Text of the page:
The threat from the Chinese car industry is the subject of much punditry. Talk of Chinese companies growing fat on the vast home market and then invading western markets is rife, but the reality is more prosaic.
Sales of Chinese cars in the UK are currently zero, but another Asian economy is doing very well in our market – India is easily the fastest growing source of cars in this country.
A few years ago we were asked by a car manufacturer if UK buyers would react badly if they supplied this country from an Indian factory.
Given that Vauxhall was then supplying Zafiras from Thailand and Mercedes was sourcing C- Classes from South Africa, we could not see the problem – the country of origin is associated in the public mind with the brand rather than the factory.
So it has proved: no-one objects that their Hyundai (i10 and i20), Nissan (Pixo) or Suzuki (Alto) comes from India.
There is an interesting distinction between the Indian and Chinese industries. Tata notwithstanding, India is becoming known as a production centre for small cars that are primarily designed for rich countries, whereas China sees its future as an independent design centre for unique products.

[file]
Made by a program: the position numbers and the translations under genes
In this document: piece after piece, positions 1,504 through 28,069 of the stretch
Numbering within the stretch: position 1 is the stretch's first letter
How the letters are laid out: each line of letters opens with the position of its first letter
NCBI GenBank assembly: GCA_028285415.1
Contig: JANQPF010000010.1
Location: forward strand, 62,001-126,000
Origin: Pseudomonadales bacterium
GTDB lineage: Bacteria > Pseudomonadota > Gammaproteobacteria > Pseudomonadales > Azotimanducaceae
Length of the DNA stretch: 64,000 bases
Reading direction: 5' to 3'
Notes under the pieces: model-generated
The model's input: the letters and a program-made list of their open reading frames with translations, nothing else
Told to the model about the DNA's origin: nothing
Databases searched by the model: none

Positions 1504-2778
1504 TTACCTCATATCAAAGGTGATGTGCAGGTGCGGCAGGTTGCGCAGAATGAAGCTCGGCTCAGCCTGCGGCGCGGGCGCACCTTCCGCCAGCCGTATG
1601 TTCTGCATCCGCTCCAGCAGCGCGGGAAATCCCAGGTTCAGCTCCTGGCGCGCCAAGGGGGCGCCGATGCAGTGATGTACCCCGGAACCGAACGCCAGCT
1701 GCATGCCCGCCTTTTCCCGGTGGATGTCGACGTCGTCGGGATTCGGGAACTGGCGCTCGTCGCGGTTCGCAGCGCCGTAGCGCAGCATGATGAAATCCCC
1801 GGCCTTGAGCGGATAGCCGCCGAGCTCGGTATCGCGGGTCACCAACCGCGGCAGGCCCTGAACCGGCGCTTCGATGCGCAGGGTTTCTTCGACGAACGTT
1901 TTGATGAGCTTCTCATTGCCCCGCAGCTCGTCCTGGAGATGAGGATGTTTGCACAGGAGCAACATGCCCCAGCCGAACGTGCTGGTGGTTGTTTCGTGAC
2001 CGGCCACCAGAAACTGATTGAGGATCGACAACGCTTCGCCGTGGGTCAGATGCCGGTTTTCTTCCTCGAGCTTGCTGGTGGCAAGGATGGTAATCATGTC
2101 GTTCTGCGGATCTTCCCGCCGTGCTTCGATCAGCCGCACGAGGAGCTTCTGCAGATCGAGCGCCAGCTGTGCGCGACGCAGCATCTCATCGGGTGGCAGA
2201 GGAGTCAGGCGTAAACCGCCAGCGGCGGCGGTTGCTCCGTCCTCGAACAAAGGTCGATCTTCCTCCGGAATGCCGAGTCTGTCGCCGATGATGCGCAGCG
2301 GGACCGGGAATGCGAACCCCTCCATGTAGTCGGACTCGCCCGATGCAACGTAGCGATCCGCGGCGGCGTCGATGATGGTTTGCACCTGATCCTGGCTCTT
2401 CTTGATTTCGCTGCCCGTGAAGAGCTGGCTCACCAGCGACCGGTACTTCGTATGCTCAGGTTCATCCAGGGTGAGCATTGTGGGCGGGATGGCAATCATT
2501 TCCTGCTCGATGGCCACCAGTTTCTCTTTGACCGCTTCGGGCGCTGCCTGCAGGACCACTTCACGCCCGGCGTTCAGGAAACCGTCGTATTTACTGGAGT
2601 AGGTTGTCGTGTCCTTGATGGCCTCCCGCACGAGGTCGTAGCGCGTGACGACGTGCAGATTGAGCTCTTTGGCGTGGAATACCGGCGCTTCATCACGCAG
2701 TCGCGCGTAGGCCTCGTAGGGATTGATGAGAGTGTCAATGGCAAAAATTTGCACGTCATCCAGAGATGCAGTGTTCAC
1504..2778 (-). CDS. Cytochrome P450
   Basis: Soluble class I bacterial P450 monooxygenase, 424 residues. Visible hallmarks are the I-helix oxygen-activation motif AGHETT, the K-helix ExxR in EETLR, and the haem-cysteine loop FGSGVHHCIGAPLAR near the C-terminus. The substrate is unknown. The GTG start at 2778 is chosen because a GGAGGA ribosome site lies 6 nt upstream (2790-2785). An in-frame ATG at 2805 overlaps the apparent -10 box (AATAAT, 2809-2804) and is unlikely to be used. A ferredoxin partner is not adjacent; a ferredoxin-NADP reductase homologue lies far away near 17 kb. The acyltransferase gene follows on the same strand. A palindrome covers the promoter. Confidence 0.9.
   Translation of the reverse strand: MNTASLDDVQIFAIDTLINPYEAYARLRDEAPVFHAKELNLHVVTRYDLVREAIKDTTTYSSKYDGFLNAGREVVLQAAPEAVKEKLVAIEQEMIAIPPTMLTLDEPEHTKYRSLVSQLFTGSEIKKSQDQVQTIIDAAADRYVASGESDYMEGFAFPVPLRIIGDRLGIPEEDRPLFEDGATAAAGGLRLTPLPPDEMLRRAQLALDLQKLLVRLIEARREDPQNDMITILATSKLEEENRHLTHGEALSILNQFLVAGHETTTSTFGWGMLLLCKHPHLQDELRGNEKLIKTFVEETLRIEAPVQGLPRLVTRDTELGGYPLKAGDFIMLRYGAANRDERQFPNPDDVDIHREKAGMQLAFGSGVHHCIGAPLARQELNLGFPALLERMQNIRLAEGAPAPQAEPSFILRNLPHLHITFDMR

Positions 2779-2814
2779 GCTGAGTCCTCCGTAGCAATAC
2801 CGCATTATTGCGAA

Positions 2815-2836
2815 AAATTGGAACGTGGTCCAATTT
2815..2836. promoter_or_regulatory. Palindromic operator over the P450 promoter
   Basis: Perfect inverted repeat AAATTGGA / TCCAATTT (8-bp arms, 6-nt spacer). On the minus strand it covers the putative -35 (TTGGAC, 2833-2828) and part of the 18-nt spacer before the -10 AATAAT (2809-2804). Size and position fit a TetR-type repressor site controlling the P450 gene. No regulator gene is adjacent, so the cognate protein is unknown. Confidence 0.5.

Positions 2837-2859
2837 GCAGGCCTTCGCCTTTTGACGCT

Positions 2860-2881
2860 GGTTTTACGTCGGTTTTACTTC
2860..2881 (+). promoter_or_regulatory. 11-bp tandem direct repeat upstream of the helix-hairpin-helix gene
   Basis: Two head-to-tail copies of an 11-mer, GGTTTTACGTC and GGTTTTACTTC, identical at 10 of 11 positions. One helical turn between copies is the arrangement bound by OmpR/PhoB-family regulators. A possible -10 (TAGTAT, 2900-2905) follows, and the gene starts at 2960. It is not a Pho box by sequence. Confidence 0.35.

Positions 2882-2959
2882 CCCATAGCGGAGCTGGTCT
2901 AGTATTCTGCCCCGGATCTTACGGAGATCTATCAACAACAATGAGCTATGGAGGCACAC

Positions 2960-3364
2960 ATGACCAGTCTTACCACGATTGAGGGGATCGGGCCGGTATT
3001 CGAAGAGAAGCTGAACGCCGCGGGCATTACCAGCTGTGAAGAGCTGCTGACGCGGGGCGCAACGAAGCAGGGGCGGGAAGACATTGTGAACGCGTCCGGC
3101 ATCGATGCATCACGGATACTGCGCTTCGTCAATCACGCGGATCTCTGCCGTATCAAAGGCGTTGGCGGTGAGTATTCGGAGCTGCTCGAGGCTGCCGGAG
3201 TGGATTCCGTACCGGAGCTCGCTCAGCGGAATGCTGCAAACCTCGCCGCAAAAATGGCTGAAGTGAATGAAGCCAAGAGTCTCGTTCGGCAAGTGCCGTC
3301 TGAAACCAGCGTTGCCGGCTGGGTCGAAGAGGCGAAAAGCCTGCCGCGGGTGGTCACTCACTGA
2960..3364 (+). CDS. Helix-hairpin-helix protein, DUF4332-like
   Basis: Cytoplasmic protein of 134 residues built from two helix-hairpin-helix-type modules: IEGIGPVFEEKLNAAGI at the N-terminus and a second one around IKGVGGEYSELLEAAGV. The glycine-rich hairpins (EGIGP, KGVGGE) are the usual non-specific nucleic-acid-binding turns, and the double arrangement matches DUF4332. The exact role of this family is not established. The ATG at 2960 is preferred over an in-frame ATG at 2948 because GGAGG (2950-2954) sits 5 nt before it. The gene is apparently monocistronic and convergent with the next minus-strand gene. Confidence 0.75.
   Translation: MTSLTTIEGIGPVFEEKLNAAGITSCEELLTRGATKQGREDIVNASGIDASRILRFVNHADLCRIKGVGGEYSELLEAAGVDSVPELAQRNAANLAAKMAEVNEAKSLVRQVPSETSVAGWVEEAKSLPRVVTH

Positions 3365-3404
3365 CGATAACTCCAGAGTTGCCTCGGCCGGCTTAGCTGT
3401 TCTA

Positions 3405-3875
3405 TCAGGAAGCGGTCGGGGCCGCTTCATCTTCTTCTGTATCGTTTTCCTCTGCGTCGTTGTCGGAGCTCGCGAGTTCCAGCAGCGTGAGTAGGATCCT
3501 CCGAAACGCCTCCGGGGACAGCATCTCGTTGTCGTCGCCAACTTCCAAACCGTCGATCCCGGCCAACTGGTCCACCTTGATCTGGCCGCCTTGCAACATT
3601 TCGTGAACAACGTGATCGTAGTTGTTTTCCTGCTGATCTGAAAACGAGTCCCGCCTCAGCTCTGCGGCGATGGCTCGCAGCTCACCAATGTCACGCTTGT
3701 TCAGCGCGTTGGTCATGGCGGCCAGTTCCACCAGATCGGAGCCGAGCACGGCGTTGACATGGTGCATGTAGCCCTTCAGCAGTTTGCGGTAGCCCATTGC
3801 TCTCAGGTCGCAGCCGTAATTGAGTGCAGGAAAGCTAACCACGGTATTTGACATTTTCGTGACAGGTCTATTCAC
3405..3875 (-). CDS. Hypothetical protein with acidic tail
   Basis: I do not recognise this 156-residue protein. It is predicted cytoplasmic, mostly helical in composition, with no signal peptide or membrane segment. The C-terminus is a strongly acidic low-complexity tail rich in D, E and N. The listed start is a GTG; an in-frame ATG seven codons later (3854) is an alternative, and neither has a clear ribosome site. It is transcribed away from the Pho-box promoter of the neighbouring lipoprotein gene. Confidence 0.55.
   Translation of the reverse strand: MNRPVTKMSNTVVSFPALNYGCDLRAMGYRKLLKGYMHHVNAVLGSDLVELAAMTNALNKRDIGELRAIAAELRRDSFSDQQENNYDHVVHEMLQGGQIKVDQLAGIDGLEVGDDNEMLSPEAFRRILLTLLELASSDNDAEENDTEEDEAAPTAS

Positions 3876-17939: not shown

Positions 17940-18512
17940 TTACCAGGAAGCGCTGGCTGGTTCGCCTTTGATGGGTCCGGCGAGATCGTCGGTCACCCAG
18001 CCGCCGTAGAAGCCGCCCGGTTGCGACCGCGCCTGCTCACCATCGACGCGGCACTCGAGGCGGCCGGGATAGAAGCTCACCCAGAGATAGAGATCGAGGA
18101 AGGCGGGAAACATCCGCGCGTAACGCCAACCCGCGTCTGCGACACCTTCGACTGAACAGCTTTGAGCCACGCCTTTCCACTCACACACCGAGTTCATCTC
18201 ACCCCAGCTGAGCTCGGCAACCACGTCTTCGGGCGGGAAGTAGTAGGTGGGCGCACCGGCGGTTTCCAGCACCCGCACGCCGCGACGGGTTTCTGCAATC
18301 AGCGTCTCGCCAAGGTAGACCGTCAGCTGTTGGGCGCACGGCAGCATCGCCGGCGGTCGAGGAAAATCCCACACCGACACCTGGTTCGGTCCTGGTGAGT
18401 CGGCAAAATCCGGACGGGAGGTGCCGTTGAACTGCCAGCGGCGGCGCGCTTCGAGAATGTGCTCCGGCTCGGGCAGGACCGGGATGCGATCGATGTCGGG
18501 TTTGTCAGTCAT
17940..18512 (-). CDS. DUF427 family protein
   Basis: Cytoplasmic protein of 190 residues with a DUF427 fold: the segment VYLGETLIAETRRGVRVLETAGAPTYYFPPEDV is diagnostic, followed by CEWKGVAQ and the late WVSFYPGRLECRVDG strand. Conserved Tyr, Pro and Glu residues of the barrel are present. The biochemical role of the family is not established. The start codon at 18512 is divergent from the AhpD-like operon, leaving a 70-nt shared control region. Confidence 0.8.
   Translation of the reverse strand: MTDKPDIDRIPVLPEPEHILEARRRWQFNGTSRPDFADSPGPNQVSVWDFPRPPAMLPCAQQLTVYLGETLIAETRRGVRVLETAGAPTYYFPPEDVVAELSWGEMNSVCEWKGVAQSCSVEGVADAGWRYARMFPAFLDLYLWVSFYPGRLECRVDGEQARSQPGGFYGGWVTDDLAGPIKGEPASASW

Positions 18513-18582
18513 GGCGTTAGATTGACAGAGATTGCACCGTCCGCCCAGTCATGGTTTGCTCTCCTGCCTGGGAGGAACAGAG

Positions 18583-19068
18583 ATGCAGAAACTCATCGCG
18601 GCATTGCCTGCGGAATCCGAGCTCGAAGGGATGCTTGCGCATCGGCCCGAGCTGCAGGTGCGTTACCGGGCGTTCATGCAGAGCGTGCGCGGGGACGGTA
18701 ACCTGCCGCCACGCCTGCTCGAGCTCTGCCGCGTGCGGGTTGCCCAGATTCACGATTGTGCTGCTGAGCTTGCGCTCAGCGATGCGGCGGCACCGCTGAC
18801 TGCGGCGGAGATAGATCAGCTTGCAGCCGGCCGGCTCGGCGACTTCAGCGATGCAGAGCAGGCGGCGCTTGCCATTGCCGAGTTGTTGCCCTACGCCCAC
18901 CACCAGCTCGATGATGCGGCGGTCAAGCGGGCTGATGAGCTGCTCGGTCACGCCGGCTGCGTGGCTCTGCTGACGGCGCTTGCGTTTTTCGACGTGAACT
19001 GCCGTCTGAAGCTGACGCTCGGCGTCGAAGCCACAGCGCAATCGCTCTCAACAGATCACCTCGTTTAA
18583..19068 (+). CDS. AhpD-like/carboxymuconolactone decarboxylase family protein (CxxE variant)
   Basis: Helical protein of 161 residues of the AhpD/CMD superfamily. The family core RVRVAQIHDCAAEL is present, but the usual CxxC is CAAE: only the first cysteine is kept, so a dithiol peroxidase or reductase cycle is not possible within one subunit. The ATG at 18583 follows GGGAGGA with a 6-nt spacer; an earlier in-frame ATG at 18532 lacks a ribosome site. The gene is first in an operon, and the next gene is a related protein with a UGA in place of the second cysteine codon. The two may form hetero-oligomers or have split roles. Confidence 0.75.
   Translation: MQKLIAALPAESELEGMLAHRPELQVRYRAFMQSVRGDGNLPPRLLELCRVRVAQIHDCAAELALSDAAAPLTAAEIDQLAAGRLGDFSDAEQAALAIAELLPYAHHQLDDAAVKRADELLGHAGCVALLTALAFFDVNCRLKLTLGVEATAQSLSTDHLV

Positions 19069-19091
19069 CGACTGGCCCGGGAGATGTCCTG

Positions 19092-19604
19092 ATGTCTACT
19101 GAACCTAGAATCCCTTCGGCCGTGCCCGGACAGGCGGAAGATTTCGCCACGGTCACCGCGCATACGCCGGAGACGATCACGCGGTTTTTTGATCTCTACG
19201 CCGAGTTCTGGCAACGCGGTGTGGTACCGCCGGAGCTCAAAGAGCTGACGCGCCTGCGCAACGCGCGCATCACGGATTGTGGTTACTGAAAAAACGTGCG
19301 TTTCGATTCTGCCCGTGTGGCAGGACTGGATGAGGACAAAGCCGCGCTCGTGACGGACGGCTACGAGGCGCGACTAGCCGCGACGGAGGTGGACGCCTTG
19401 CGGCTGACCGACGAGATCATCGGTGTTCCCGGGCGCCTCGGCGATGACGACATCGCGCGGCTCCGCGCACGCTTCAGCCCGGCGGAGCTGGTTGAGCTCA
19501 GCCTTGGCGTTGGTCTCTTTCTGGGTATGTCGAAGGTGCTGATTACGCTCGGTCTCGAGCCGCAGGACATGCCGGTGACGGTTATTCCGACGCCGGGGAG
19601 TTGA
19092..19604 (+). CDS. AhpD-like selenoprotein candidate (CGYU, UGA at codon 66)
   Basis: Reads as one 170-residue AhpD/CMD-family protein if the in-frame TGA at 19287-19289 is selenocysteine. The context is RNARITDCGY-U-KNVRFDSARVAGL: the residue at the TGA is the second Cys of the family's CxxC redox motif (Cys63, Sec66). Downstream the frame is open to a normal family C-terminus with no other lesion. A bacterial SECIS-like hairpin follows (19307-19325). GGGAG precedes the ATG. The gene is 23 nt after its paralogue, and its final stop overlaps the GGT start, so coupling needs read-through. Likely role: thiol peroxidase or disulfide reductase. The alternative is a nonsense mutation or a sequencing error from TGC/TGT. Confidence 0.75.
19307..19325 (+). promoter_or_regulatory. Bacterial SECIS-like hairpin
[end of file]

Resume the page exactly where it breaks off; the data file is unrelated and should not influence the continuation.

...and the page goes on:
It has vast ambitions, but then Proton had vast ambitions once.
So far, India has more tangible results to boast about in western markets. Not entirely coincidentally, the other country that is rapidly increasing market share in the UK is the Czech Republic.
When communism fell, the Czech government took the pragmatic decision that it would not try and build up its own motor industry, but would sell Skoda to whichever European company offered it the best prospects. As part of VW, Skoda has gone from strength to strength and it has acted as a beacon to other manufacturers.
The Aygo/107/C1 trio plus the Hyundai i30 come from the Czech Republic which now supplies more cars to the UK than Korea.
Conversely, some traditional European production centres are looking sickly – since the scrappage scheme started Italy has fallen behind India and Poland in UK market share terms.
But what of our own domestic production?
There were predictions that scrappage incentives would not help the UK as so few of our factories made small cars. So far this year, share has slipped slightly but overall production has been helped by the incentives.
Besides scrappage incentives are effectively a pan-European policy – if Germans buy more Honda Civics, that is just as beneficial to the UK as extra sales here.